Sustainability and profit can often be seen as competing interests when it comes to a brand or organisation.
Sustainability can represent increased investments, higher costs and longer lead times to get to market, all things that make Boards and investors worry.
Smart brands understand the power of sustainability and the pathway it paves for the future. Customer and community expectations have changed, along with it, the power of a movement.
Unsustainable brands that endanger the environment or fly in the face of positive action can easily get wrapped up in cancel culture and face an uncertain future.
These brands understand the power sustainability plays in their business and their success speaks for itself.
One of the world's leading tea brands and products is also one of the world's most sustainable brands.
A core focus for Dilmah is sustainability and ethics. This focus is demonstrated in numerous ways, including the establishment of a charity and conservation subsidiary, Dilmah Conservation.
These subsidiaries are solely focused on the improvement and uplifting of the areas Dilmah grows and picks its tea.
Uplifting the areas goes beyond simply looking at carbon-neutral ways of producing their tea.
Animal conservation and renewable energy use are both integral initiatives for Dilmah.
Dilmah's conservation arm boasts an impressive saving on kilowatts and the equivalent number of trees saved as a result of their sustainability focus.
Dilmah is an example of a brand that sees good business as more than profit, its focus is firmly on improving the lives of those around the brand as well.
It might be hard to believe that a shoe company could be sustainable, it might feel like you need a new pair of shoes every month.
TOMS is changing that and the lives of many around the world at the same time. TOMS is focused on sustainable practice, including helping those in need around the world.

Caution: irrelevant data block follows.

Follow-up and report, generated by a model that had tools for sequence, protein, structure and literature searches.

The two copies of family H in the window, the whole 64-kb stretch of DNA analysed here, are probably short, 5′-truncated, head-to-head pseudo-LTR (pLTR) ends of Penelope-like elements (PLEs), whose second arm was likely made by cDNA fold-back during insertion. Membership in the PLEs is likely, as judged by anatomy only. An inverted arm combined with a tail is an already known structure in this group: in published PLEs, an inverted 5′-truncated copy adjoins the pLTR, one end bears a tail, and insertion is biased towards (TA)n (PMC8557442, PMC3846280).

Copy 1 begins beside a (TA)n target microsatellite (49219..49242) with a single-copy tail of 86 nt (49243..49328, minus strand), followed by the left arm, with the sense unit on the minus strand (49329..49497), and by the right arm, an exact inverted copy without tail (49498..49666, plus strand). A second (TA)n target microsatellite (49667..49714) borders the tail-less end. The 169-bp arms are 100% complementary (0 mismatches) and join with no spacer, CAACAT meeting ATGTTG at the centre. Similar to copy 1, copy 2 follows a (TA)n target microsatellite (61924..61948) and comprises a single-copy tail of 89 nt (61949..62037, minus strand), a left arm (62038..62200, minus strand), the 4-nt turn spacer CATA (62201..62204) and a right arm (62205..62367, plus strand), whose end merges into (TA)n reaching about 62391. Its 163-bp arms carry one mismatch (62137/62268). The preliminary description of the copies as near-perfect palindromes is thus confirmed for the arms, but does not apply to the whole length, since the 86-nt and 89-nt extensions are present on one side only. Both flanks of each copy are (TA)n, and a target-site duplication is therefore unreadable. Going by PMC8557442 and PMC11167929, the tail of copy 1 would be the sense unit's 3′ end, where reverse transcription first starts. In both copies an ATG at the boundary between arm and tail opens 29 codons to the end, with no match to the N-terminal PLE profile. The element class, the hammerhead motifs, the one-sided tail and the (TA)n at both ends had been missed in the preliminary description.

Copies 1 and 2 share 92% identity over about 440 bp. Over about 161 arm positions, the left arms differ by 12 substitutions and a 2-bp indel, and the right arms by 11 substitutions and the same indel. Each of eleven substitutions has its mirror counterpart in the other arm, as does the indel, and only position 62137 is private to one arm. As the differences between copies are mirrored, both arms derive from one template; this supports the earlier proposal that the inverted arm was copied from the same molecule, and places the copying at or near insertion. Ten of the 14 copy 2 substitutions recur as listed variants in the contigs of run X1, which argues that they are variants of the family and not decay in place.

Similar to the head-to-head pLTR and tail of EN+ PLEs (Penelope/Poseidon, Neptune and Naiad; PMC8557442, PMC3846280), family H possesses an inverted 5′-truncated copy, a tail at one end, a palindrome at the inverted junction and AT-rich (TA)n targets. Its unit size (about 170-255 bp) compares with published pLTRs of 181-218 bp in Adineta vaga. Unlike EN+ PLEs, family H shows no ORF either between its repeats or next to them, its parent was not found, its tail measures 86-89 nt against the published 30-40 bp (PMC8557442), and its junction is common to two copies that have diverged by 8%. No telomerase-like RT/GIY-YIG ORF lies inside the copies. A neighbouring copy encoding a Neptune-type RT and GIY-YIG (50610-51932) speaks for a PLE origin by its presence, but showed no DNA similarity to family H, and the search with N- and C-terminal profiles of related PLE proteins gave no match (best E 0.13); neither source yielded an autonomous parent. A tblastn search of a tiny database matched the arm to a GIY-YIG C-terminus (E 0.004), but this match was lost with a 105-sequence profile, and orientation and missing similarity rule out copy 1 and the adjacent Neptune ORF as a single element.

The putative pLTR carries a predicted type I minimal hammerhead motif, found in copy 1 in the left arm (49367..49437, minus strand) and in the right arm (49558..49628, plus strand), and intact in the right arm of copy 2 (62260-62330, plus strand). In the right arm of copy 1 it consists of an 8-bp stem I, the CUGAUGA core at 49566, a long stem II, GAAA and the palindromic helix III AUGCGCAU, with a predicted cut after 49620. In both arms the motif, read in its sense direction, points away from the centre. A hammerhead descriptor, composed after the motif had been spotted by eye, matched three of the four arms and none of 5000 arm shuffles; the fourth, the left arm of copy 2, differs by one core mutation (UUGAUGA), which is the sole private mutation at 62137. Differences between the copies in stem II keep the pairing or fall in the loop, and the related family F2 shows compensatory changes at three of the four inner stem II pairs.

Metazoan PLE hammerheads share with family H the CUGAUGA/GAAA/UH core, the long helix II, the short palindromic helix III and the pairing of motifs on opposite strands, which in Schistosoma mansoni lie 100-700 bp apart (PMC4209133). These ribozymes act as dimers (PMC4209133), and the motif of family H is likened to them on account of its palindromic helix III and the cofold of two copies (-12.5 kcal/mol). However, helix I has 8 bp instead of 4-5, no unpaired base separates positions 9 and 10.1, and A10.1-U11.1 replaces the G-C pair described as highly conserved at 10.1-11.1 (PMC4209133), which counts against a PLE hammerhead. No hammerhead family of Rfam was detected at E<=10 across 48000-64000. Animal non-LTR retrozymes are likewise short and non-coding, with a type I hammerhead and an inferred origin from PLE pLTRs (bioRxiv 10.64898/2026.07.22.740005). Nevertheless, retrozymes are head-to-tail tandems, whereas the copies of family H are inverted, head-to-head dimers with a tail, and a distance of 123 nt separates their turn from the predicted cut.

Not only are TOMS shoes and shoe boxes made from recycled materials, but they also help people around the world who don't have a pair of shoes.
This is achieved by donating a pair of shoes to another individual in need every time a customer makes a purchase.
On top of this amazing initiative, TOMS also offers drinking water, eye services and even safe birth kits to communities around the world.
What makes Patagonia a sustainable brand is multi-faceted, from transparency to paying specific taxes to support the earth.
Patagonia's biggest strength is its honesty, as a brand, they openly and effectively communicate exactly how the brand performs when it comes to sustainability. This honesty doesn't just go positively for them, openly admitting to using fossil fuels and needing a new solution for that part of their clothing.
To more than make you for this, Patagonia commits 1 per cent of its sales to Earth Tax, which supports sustainability activities such as restoring forests, protecting endangered species and removing dams.
With durable clothing and a clear emphasis on sustainability, Patagonia is an example to some clothing brands.
Sustainability is of obvious importance to Lush Cosmetics, one of the worlds leading sustainability brands.
Lush's emphasis is on giving people the same result as regular cosmetics, but with all-natural ingredients.
This all-natural ethos means no animal testing or dangerous chemicals are used in Lush's products. The sustainability goals don't stop there for Lush, many of their products have been innovated to remove the unwanted environmental nasties.
Cosmetics such as shampoo in a bar that doesn't require plastic bottles is one of many examples where Lush has prioritised the environment. If you're in need of cosmetics, Lush is a brand that makes the most of the environment and its future.
Sustainable brands understand one of the most important rules of doing business, listening to the customer. Customers are sick and tired of big brands doing as they feel, with no regard for future generations to come.
Understanding how to discover sustainable ways to do business is easy when you follow the lead of these sustainable and successful brands.
This article was originally published in The Transcontinental